“From a very early age, I realised that the body I was in just did not feel right. I did not have similar interests like the boys, such as in sports and outdoor activities. I realised that I did not talk or walk like the other boys and, as a result, would often get teased by many of my classmates and even random people on the street,” she says.

Even though Masud learned to cope with her predicament and the vices and difficulties that society would put upon her, she has always had a strong desire to express her gender identity. “I wanted to have long hair like the girls did, and I felt like I didn’t belong in this body!”

It took Masud many years to find her true self, and there was a time when she thought she was gay. “I didn’t feel attracted towards girls, but rather guys,” she recalls. Only later she started to identify as a straight woman. She becomes visibly angered, her voice shaking, when she talks about her past relationships with men who had given her “false hope, only to turn their backs when I wanted something more serious and meaningful.”

Masud has yet to tell her parents about her gender identity, but she realises that they “sense I am a little different. And they have come to terms with it.” She does understand that society is mostly to blame for what she is going through, and her biggest gripe is with how people generally perceive her as someone who is “mentally ill.” To be clear, that perception is wrong. The Diagnostic and Statistical Manual of Mental Disorders – often called the psychiatrist’s bible and widely used among Bangladeshi mental health professionals – does not list being transgender as a mental disorder.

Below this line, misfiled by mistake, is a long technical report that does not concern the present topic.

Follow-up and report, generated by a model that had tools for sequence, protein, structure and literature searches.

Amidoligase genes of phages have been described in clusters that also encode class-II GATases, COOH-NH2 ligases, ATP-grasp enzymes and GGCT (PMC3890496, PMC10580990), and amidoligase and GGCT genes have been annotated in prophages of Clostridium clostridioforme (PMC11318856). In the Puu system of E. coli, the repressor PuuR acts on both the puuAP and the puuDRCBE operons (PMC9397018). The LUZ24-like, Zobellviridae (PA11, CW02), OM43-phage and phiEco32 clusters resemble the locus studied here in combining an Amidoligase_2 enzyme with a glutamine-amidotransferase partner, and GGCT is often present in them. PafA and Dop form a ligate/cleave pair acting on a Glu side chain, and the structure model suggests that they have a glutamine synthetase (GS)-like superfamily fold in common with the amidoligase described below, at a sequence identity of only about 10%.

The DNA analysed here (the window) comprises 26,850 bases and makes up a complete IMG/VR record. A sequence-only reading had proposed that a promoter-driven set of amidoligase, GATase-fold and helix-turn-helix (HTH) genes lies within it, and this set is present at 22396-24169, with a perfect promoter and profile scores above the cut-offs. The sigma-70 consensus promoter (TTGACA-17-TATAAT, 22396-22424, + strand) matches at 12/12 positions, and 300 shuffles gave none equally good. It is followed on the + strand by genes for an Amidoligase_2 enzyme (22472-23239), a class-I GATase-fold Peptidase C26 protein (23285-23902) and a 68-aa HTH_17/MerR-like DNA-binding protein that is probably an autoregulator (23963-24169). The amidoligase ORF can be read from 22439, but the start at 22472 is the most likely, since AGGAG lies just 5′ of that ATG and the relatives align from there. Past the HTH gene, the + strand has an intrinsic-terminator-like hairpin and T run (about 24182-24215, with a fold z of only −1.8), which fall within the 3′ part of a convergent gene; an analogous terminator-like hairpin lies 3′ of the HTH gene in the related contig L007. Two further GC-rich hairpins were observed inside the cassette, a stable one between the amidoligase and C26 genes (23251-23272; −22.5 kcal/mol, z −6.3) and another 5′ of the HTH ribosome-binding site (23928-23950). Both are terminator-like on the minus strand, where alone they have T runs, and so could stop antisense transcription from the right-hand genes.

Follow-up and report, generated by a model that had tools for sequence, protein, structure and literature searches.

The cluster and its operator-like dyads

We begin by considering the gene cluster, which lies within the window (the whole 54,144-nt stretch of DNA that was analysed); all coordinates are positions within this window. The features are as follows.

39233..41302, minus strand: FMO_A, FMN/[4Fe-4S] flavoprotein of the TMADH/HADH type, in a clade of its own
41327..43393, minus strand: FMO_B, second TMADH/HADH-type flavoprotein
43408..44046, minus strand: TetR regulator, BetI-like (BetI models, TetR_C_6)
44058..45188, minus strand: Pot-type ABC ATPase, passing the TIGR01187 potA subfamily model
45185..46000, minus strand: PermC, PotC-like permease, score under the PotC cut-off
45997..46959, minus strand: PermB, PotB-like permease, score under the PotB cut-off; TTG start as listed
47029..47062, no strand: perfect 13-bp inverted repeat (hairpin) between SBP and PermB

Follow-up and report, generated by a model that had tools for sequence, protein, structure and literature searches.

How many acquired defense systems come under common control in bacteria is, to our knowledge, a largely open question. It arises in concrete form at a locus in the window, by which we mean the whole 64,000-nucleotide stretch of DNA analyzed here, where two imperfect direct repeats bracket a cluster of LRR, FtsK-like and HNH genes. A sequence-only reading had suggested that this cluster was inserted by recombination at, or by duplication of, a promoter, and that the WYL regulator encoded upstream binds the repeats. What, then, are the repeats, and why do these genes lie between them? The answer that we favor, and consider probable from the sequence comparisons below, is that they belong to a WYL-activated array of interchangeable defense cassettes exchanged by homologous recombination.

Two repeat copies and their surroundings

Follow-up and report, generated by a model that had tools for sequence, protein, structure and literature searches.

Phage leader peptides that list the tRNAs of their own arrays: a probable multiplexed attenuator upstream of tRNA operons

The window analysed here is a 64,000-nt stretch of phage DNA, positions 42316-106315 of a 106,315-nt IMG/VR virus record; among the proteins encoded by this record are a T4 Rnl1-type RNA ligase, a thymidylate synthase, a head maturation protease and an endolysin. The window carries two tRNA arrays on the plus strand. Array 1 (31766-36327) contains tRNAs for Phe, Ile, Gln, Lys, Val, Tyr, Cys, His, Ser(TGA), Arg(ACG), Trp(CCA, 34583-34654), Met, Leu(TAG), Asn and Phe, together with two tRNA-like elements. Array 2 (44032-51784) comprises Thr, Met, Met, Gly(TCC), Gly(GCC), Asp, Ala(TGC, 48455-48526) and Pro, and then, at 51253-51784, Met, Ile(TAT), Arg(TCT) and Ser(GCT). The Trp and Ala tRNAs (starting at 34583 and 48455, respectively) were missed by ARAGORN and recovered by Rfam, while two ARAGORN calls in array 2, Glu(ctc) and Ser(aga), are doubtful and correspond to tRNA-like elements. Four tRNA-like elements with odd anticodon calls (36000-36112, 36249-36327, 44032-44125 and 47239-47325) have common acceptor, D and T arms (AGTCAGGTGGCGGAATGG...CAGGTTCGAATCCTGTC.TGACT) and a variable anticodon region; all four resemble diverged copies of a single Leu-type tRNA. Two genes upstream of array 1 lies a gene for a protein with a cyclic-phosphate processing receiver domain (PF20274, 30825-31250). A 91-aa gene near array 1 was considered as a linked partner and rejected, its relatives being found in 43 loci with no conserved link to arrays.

“As I grew older, I did come to terms that this was not any illness, and that I was perfectly normal. But I had moments where I wanted to give up, after numerous failed relationships with men. I did contemplate committing suicide a couple of times,” she reveals.

Masud’s struggle and despair should be no surprise. In Bangladesh, as in many other places, both society and the state have little regard for the rights of transgender people. They consequently face discrimination in nearly every aspect of their lives, resulting not only in material disadvantages, but also in a significant amount of psychological stress. Transgender people who are open about their gender identity often find it hard – if not impossible – to find housing, or a decent job. They do not get admitted to schools or universities. They are ostracised by their families. And they have limited access to legal services and adequate health care. According to the Sexual Rights Initiative, there is no legal stance on sex reassignment surgery in Bangladesh. Nor is there any medical establishment providing for the needs of transgender people. Clearly, Bangladesh has a long way to go, and so do many, many other countries for that matter, including those in the West.

Being transgender is just another way of being human, and transgender people deserve to be treated accordingly: as human beings with rights and dignity like you and us. Giving people the respect they deserve is the moral and decent thing to do, and that is not too much to ask for. Is it?

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Shahnoor Rabbani is a sub-editor at Dhaka Tribune, a freelance writer and a sports analyst at Radio Shadhin. Rainer Ebert is a graduate student of philosophy at Rice University, a founding member of the Bangladesh Liberal Forum, and an Associate Fellow at the Oxford Centre for Animal Ethics.